Judas tried to return the money that the chief priests paid him for betraying Jesus. They wouldn’t take it back because they said, it was used for murder. They acted totally innocent, and blamed the money. What are you blaming for your sinful actions?
The leading priests picked up the coins. “It wouldn’t be right to put this money in the Temple treasury,” they said, “since it was payment for murder.”Matthew 27:6
I’ve got sixpence, a jolly, jolly sixpence. I’ve got sixpence to last me all my life. These are the words to an old British song we used to sing as kids.
Do we need to ask if this was a clean sixpence or a dirty sixpence? One would think that sixpence is sixpence, but not according to the chief priests.
A Fictitious Story with a Grain of Truth
Let me share a fictitious story with you that has a grain of truth in it. In this story, there were thirty pieces of silver. We are not sure exactly where the money came from.
Some of it may have come from herding pigs, some may have been a cut from a black market deal, or maybe some came from one of those dreaded tax collectors.
This money may have been earned under-the-table or even from the work of a prostitute. No matter where it came from, these thirty pieces of silver ended up in the temple treasury.
Now it was in hands of the chief priests and could be used at their discretion for whatever they wanted to use it for.
On this particular day, the chief priests decided to buy the death of Jesus with money from the temple treasury. So they took the opportunity to pay Judas for his betrayal of our Lord.
Judas fulfilled his end of the bargain because he probably thought that Jesus would rise us against the Romans. After seeing all the miracles He had performed, there was no doubt in his mind that Jesus would be victorious. When Judas realized what he had done, he tried to return the money.
The Root of Sinful Actions
So, these thirty pieces of silver went from a possibly unclean source to the temple treasury where they were made “clean”, to being used for a contract to put someone to death, turning them into dirty money again.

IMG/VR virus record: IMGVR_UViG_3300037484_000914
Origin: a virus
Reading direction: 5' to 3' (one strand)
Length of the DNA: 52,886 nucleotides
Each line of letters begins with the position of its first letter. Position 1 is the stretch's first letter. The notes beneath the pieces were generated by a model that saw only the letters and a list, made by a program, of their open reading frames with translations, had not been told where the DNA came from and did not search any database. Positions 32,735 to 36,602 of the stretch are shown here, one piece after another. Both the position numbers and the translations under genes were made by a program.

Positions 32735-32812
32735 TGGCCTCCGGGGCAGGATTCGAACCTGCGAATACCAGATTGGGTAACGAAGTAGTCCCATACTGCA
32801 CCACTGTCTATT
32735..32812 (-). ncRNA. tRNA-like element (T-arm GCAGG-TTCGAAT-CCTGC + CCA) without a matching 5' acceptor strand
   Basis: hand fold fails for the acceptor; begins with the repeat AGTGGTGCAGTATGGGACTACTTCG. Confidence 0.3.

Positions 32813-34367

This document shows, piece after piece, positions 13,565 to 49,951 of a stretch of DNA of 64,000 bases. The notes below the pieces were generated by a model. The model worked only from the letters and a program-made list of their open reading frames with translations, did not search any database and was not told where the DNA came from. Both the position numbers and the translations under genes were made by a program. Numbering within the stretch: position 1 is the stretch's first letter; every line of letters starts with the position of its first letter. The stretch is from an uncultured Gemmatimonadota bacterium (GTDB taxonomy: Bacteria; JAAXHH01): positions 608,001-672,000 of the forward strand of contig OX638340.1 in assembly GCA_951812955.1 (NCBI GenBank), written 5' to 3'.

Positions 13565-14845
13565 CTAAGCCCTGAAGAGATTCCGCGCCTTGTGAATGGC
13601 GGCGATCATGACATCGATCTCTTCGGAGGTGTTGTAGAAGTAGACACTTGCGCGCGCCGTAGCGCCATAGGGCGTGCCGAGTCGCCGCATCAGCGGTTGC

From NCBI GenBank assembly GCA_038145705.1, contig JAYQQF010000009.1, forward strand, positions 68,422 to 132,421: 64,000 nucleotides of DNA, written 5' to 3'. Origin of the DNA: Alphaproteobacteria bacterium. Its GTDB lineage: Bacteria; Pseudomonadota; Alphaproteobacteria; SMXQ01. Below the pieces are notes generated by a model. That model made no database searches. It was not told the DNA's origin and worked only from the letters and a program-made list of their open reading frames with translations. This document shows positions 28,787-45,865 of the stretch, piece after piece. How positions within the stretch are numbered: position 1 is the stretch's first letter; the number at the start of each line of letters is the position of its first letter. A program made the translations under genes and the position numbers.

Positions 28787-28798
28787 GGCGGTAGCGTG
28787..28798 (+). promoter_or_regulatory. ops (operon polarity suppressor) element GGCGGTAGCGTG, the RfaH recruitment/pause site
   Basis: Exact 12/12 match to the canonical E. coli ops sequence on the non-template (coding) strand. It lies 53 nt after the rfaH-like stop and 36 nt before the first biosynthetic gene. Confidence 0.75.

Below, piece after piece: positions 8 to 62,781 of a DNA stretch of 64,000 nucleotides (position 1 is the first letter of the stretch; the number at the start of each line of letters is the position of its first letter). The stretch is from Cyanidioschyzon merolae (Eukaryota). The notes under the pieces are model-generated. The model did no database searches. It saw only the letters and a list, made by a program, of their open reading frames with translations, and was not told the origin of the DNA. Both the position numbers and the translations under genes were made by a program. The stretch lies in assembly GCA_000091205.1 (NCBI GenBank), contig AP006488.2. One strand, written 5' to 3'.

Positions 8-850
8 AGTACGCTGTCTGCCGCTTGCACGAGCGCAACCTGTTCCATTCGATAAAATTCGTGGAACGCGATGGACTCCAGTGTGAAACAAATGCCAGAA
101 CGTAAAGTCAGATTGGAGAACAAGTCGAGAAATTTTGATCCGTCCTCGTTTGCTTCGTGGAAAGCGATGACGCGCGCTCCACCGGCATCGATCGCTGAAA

That really sounds absurd, doesn’t it? The Word says that it is the love of money that is evil, not the money itself. That makes the heart and motivation of the person spending the money clean or dirty, not the money itself.
What a lame excuse, blaming money for their sinfulness! We as humans are good at doing that sort of thing. The sinfulness that is in our hearts will hide behind a tool or other item in our lives. What are you blaming for your sinful actions?
I wonder what I blame to try to cover up my unclean or sinful actions? Maybe you should examine yourself as well.
Blaming our sins on someone else or something else won’t work. I wrote a devotion about Achan in the Old Testament you might be interested in reading about. he tried to hide his sin.
Lord, when we stand before you, we won’t be able to blame things for the condition of our hearts. Help us to pray like David prayed, “Change my heart, oh God.”
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Read the whole account of what happened in Matthew 27.
You would enjoy reading the cornerstone post on discipleship called How To Be An Effective Devoted Disciple Of Jesus.
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5 thoughts on “What are You Blaming for Your Sinful Actions?”
Blaming the money is an interesting concept I haven’t heard before, but we prefer almost anything to taking personal responsibility for our own actions, don’t we?
Yes we do. The best thing we can do is trust Jesus with our faults since he has already paid a price for them.
So true. That’s why the Lord gave us the tool of His forgiveness. But we have to admit our sin before we can be forgiven. “Lord I know I shouldn’t have eaten that extra piece of chocolate but it was the chocolate’s fault for being so tasty.” I doubt if the Lord would even hear that. Good message.
Thanks for that insightful comment